Supreme Chef: Kostas. Takes on the duty to be able to contribute, and proves able to knock together a respectable stew from day old atul and swamp water, and a multi-course gourmet meal when sent to a well-stocked market with enough money.
Tastes Like Chicken: In March to the Sea, after killing the flar-ke that were threatening the group the humans make a meal of the remains of the beasts. Pahner comments that they're about to find out what flar-ke tastes like, to which Dobrescu replies "one guess". It turns out that it really does taste "very much like chicken."
Then Let Me Be Evil: Subverted by Armagh's Church of Satan. They were the more secular schism on a planet of Catholics and were labeled minions of Satan by their opponents. So they embraced the name, won the holy war, instituted religious freedom, and turned "Satanism" into a positive church in the wake of a discredited Christianity.
Prince Roger takes several, and goes from being thought of as a pompous Long-Haired Pretty Boy to Badasswarrior prince over the course of the series, mentally toughened up by Marduk as he treks across it to get to a spaceport so he can return home.
His Marines, elite of the elite, are selected partially based on their incredible loyalty to the Empress. They start off despising him, but this gets blown away the more they get to see him in action. In the end, every one of them is so loyal to the Prince that other (non-Bronze Barbarian) Marines think they're dangerously compromised.
It gets to the point where his subordinates push a woman he loves into marrying him despite her objections, due to the fact that he's Heir Primus to the Throne of Man.. because without her acting as his conscience, he would be a neobarbarian tyrant with "shoot first, ask later" policy. With entire fleets of starships and a massive army at his disposal.
Translation with an Agenda: A particularly insidious one. The only language kernel they have pre-loaded before landing is High Krath, from the "civilized" neighbors of the port. When they start using it, it has a preloaded bias for words translated as "service," "Servant," or "Serve." These are all euphemisms for being butchered live and then roasted and served to Krath's upper class in a religious ritual. Given the likely human (i.e. Saints) inspiration of the practice, there's a good chance the bias is deliberate.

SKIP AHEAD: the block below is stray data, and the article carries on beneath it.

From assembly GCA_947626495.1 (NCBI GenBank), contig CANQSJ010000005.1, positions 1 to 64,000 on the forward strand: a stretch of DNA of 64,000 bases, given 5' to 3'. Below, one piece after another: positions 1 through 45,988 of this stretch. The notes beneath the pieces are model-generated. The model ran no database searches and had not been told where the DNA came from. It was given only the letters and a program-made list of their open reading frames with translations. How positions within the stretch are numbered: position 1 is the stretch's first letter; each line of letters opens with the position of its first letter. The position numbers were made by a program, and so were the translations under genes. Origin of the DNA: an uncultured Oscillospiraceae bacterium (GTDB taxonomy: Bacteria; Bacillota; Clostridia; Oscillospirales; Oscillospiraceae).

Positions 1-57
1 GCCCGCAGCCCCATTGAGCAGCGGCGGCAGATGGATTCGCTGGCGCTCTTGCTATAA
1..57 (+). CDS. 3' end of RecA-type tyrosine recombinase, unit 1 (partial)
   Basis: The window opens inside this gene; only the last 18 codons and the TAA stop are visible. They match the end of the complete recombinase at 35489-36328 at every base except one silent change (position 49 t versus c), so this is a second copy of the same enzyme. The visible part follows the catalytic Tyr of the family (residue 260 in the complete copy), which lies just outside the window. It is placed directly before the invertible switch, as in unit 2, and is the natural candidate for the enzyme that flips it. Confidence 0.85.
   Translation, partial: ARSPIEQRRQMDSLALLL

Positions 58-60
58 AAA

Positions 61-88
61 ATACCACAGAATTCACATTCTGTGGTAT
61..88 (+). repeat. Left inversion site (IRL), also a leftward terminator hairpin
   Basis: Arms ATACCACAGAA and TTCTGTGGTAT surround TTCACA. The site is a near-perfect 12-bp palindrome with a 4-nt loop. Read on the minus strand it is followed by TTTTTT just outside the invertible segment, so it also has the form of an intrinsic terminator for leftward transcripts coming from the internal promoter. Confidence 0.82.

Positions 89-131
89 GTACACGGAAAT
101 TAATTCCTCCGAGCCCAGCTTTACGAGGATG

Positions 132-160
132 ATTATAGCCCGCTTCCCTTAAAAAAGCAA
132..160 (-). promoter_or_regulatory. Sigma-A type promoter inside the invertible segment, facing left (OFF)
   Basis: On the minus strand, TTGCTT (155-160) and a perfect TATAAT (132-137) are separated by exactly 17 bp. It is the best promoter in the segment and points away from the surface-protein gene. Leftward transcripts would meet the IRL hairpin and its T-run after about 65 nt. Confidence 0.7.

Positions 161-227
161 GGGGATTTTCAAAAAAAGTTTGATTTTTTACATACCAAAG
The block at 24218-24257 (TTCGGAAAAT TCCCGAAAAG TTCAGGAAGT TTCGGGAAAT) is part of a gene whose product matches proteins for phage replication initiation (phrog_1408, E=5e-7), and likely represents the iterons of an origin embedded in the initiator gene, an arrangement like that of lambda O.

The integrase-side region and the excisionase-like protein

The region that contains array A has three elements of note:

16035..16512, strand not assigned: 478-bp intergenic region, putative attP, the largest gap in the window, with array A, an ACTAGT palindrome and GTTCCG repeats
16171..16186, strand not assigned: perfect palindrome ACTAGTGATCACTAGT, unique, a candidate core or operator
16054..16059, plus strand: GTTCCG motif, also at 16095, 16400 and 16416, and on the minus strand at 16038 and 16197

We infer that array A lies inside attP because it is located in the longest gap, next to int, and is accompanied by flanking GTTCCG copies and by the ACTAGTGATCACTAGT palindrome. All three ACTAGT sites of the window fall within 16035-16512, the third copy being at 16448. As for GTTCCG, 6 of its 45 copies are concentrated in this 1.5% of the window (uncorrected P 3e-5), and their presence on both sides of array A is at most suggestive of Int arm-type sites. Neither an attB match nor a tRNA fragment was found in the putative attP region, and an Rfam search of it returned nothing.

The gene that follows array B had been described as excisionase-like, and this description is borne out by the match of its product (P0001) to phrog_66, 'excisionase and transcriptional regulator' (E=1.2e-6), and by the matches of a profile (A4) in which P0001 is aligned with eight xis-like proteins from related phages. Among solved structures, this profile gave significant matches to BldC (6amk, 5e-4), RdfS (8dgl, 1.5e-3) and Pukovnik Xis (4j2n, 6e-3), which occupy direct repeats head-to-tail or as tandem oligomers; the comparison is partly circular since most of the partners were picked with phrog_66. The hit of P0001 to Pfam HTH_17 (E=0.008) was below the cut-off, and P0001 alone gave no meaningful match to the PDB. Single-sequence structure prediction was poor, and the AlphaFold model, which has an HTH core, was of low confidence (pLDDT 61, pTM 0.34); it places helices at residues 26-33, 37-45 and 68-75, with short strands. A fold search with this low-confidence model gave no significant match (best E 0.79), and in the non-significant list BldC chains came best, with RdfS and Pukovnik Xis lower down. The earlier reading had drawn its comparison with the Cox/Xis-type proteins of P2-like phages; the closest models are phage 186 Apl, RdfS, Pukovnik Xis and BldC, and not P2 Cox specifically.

2-D Space: Exploited by Admiral Helmut in the fourth book. His opponent, Admiral Gajelis, breaks from a losing engagement by moving "vertically" i.e. perpendicular to the ecliptic... but still ends up falling victim to terrestrial thinking.
Helmut: He's a swimmer. What does a swimmer do when he's been down too long? Julian: He goes for the surface. Helmut: And that's what he's doing—trying to break for the surface. When he breaks vertically for the TD sphere, four times out of five he has his ships go up. Never forget, Sergeant. Predictability is one of the few truly unforgivable tactical sins. As Admiral Niedermayer will demonstrate in about eight hours.
Unwanted Rescue: By the Peoples' traditions, rescuing someone not of your tribe without a personal need to do so makes them your slave. Cord is miffed when Roger does it to him, though they eventually bond. And then this is flipped back on him when he unthinkingly rescues Pedi.
The Uriah Gambit: Subverted. Gunny Jin has to keep a plasma gunner who should be on the front lines in a safer spot because that person is dating someone he's interested in — all to avoid this trope.
We Have Reserves: Barbarian tribes on Marduk seem to exclusively rely on berserk Zerg Rush tactics. It works for the most part until humans introduce soldier formation tactics. The few who wise up to this fact find themselves quickly overruled for being "weak."
Weirdness Censor: The Mardukans are almost shockingly blasé to the presence of humans, partially because we resemble a harmless prey animal. Few towns display any curiosity for more than a couple of days before treating the group like any other traveling traders/warriors. This is Lampshaded several times.
Ye Olde Nuclear Silo: Thomas "Tomcat" Catrone lives in one. He bought a large tract of land in central Asia to retire and start a horse ranch on, and since there already was a large and very solid structure on his property, he converted it into a well-appointed home. The fact that he can hold off an assault platoon on his own in there is a nice bonus.
You Have Outlived Your Usefulness: Weber is fond of this trope, having taken it up to Running Gag levels in the Empire from the Ashes series; it returns here in the fourth book. Prince Jackson Adoula blows up his house on Earth, along with his secret files and household staff; makes a note to eliminate his chauffeur soon thereafter; and intends to do away with at least one of his co-conspirators. Oh, and then there's the whole plot to murder the Empress after she produces a new heir. He orders her and the unborn heir eliminated once he has to flee.